Public/Private Ventures (P/PV)

Legacy Collection

Innovation. Research. Action.

After almost 35 years Public/Private Ventures (P/PV) has ceased operations. The organization leaves behind an incredible legacy of knowledge, including hundreds of research reports, case studies and evaluations about how best to improve programs and outcomes for children, youth and families. We are fortunate that P/PV has decided to archive its publications collection with the Foundation Center's IssueLab so that practitioners can benefit from this knowledge for years to come.

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Early Outcomes for Programs and Families in Children's Futures

January 8, 2010

Assesses the programmatic achievements and outcomes for families in the first five years of a community change initiative providing an array of social services. Discusses lessons learned and issues of cost, partnership development, and sustainability.

Investments in Building Citywide Out-of-School-Time Systems: A Six-City Study

September 23, 2009

This report is the last in a series funded by The Wallace Foundation and developed by P/PV and The Finance Project to document the costs of out-of-school-time (OST) programs and the city-level systems that support them. The report examines the development of OST systems in six cities across the country and summarizes the strategies and activities commonly pursued, their associated investments and options for financing such system-building efforts. These findings can provide OST stakeholders with critical information to help guide their investments in system planning, start-up and ongoing operations. The report serves as a companion to two previous resources: The Cost of Quality Out-of-School-Time Programs, which provides information on both the average out-of-pocket expenditures and the average full cost of a wide range of quality OST programs; and an online cost calculator that enables users to generate tailored cost estimates for many different types of OST programs.

Mentoring Formerly Incarcerated Adults: Insights from the Ready4Work Reentry Initiative

February 10, 2009

This report explores mentoring as a tool for supporting the successful reintegration of formerly incarcerated individuals within the context of a larger reentry strategy -- in this case, the Ready4Workmodel. Ready4Work was a three-year national demonstration designed to address the needs of the growing ex-prisoner population and to test the capacity of community- and faith-based organizations to meet those needs. This report describes Ready4Work's mentoring component; it examines the extent to which mentoring was attractive to participants, the types of adults who volunteered to serve as mentors and how receipt of mentoring was related to participants' outcomes, including program retention, job placement, and recidivism. While this research was not designed to assess the precise impact of mentoring on formerly incarcerated adults, it provides a first look at how mentoring, or supportive relationships more broadly, can fit into comprehensive reentry efforts.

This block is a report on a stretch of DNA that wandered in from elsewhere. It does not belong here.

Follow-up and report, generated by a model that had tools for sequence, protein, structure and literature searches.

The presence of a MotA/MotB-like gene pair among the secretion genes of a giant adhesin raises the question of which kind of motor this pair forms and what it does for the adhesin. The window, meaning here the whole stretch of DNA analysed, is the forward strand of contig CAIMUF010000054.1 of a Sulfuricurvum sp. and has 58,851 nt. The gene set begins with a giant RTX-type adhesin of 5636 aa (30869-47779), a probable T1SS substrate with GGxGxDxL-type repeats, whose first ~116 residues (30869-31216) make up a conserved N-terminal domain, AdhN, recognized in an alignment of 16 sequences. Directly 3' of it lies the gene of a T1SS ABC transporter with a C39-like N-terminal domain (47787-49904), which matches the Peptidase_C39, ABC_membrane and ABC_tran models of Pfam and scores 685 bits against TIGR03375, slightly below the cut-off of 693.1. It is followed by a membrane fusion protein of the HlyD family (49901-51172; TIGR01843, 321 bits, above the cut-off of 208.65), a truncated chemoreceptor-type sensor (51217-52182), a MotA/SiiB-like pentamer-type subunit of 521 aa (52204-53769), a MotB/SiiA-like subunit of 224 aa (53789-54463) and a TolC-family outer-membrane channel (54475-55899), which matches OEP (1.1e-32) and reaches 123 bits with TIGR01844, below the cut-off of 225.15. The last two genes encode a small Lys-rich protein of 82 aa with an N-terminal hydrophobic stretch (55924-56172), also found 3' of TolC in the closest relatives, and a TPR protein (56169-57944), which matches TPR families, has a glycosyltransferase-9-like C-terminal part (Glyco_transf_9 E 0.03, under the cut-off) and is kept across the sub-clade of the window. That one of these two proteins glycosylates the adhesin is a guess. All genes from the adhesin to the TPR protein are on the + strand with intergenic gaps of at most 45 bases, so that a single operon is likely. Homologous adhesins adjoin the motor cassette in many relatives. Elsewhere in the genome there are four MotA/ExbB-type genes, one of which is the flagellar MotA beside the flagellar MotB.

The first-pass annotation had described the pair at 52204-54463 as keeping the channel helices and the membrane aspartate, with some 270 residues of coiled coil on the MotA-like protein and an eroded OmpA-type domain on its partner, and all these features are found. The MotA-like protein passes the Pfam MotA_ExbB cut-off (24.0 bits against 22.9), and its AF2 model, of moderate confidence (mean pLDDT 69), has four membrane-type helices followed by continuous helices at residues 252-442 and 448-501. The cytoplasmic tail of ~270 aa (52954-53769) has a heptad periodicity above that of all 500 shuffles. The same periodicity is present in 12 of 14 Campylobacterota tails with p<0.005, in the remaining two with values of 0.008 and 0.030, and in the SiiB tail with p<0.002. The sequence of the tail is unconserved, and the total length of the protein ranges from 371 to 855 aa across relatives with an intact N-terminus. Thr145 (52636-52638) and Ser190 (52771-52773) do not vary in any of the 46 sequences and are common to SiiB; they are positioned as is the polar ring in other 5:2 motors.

The Cost of Quality Out-of-School-Time Programs, Executive Summary

January 30, 2009

Funders and program planners need a clear understanding of the costs of quality afterschool or summer programs to make sound investments. With support from The Wallace Foundation, P/PV partnered with The Finance Project to embark on one of the largest and most rigorous out-of-school-time (OST) cost studies to date, collecting detailed data from 111 programs that varied dramatically in their focus, content, location, staffing, management and hours of operation.This executive summary highlights the full report's key findings, summarizes variations in program costs and provides recommendations for policymakers and funders who seek to build and sustain quality OST programs for children and youth in their communities.In addition, a companion online cost calculator that provides stakeholders with estimates for various program options is available atwww.wallacefoundation.org/cost-of-quality.

The Cost of Quality Out-of-School-Time Programs

January 30, 2009